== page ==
Remembering imprisoned Turkish journalists on World Press Freedom Day
3 May 2013
Journalists across the world marked World Press Freedom Day with meetings and events focusing on the dangers facing freedom of expression and actual threats to the lives of media workers.
In London, the National Union of Journalists brought together campaigners for free speech and media rights at a major event to highlight the oppression of journalists in Turkey, where hundreds of journalists are being persecuted for doing their jobs.
The meeting at the NUJ's headquarters was addressed through a live video link from Istanbul by Coskun Musluk, an academic and columnist who spent more than a year in prison.
He outlined how Turkish judicial institutions were under the control of the government, and stressed the importance of international solidarity in defending journalists in Turkey.
"The campaign is very important to imprisoned journalists," he said. "Please send them letters and postcards, and write about their situation in newspapers and blogs. Please make their voices heard."
Michelle Stanistreet, NUJ general secretary, who chaired the meeting, echoed that call.
"It is vital that we keep our colleagues in Turkey in our thoughts, we must not forget them."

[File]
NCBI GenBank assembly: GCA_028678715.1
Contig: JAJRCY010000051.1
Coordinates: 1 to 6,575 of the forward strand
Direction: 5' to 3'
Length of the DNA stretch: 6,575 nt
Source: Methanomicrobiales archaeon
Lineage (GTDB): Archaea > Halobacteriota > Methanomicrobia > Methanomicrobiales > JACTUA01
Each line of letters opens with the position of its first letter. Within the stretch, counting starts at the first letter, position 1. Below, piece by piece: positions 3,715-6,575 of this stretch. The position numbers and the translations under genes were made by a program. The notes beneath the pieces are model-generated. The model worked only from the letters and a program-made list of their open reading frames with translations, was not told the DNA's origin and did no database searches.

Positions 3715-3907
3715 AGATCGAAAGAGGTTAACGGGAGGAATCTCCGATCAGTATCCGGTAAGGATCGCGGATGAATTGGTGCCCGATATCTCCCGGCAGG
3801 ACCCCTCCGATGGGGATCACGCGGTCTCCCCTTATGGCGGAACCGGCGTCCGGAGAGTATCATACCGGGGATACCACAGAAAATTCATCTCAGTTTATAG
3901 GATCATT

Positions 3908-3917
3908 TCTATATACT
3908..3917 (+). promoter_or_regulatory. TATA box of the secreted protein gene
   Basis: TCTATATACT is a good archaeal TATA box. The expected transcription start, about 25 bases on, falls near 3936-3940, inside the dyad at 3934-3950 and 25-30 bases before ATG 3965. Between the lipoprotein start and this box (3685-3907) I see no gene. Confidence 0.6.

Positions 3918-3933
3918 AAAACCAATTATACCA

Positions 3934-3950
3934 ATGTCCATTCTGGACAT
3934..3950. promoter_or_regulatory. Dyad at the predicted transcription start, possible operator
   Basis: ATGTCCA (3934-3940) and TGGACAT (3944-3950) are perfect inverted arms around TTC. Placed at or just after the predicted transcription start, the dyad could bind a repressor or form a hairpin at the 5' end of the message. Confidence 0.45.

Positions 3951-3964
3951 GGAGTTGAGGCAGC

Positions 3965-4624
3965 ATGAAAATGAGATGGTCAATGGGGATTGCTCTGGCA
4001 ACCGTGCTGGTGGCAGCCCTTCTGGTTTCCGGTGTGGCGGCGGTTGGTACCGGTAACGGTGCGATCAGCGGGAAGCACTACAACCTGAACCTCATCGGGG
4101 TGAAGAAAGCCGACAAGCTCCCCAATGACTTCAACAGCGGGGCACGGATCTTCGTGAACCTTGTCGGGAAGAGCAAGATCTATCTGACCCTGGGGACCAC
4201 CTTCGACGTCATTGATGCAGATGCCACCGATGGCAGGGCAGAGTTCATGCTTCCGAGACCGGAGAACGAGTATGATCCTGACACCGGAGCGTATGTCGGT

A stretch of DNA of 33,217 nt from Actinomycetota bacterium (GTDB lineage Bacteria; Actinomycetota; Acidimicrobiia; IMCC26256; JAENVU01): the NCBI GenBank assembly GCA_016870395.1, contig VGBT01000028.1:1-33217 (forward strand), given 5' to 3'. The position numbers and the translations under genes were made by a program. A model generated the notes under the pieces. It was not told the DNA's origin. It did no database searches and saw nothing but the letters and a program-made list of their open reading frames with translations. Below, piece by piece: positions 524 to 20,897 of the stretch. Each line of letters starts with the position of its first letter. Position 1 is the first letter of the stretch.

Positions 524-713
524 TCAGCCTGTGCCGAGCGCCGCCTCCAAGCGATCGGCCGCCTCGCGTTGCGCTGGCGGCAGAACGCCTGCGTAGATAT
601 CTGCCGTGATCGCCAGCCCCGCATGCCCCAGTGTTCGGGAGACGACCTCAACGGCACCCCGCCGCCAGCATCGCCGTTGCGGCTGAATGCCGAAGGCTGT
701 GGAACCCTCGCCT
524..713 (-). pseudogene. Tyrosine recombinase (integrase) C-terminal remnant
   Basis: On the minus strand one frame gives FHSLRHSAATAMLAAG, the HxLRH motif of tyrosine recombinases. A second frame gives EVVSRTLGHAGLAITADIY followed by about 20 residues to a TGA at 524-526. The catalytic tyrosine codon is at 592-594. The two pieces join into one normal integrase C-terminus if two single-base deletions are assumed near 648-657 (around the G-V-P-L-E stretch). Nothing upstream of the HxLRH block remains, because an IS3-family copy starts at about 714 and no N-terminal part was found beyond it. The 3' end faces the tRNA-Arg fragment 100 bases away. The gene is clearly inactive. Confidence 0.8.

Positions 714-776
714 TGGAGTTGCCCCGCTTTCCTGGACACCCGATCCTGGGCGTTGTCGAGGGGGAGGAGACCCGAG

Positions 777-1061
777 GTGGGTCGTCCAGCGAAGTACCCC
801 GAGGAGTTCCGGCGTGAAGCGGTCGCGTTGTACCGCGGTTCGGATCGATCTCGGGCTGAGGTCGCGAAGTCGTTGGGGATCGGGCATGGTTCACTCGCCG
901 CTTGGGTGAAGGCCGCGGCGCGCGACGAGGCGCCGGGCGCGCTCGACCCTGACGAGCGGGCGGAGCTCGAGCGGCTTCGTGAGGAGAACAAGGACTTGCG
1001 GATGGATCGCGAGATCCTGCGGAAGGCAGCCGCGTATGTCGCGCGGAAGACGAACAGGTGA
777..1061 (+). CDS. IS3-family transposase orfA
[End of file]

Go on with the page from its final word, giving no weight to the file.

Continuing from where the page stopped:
Mehmet Koksal, co-ordinator of the European Federation of Journalists Turkey campaign, who is also vice president of the Belgian journalists association, has returned recently from a visit to Turkey.
"There is support for the press freedom campaign among journalists in Turkey, no matter whether they hold different political views. They say: 'We don't have the same views, but we want to express ourselves freely.'"
Of the 76 journalists jailed by the Turkish government, he said: "In jail, you are afraid of being forgotten, which is what the government wants. This is why international support is so important."
He said that among journalists in Turkey, the question asked was no longer 'have you been in jail?', but 'how many years have you been in jail?'.. There is further information on the EFJ campaign to set journalists free in Turkey.
Speeches by Sean Bamford, TUC policy officer; Jim Boumelha, president of the International Federation of Journalists and Andrew Gardner of Amnesty International were followed by contributions and questions from a capacity audience.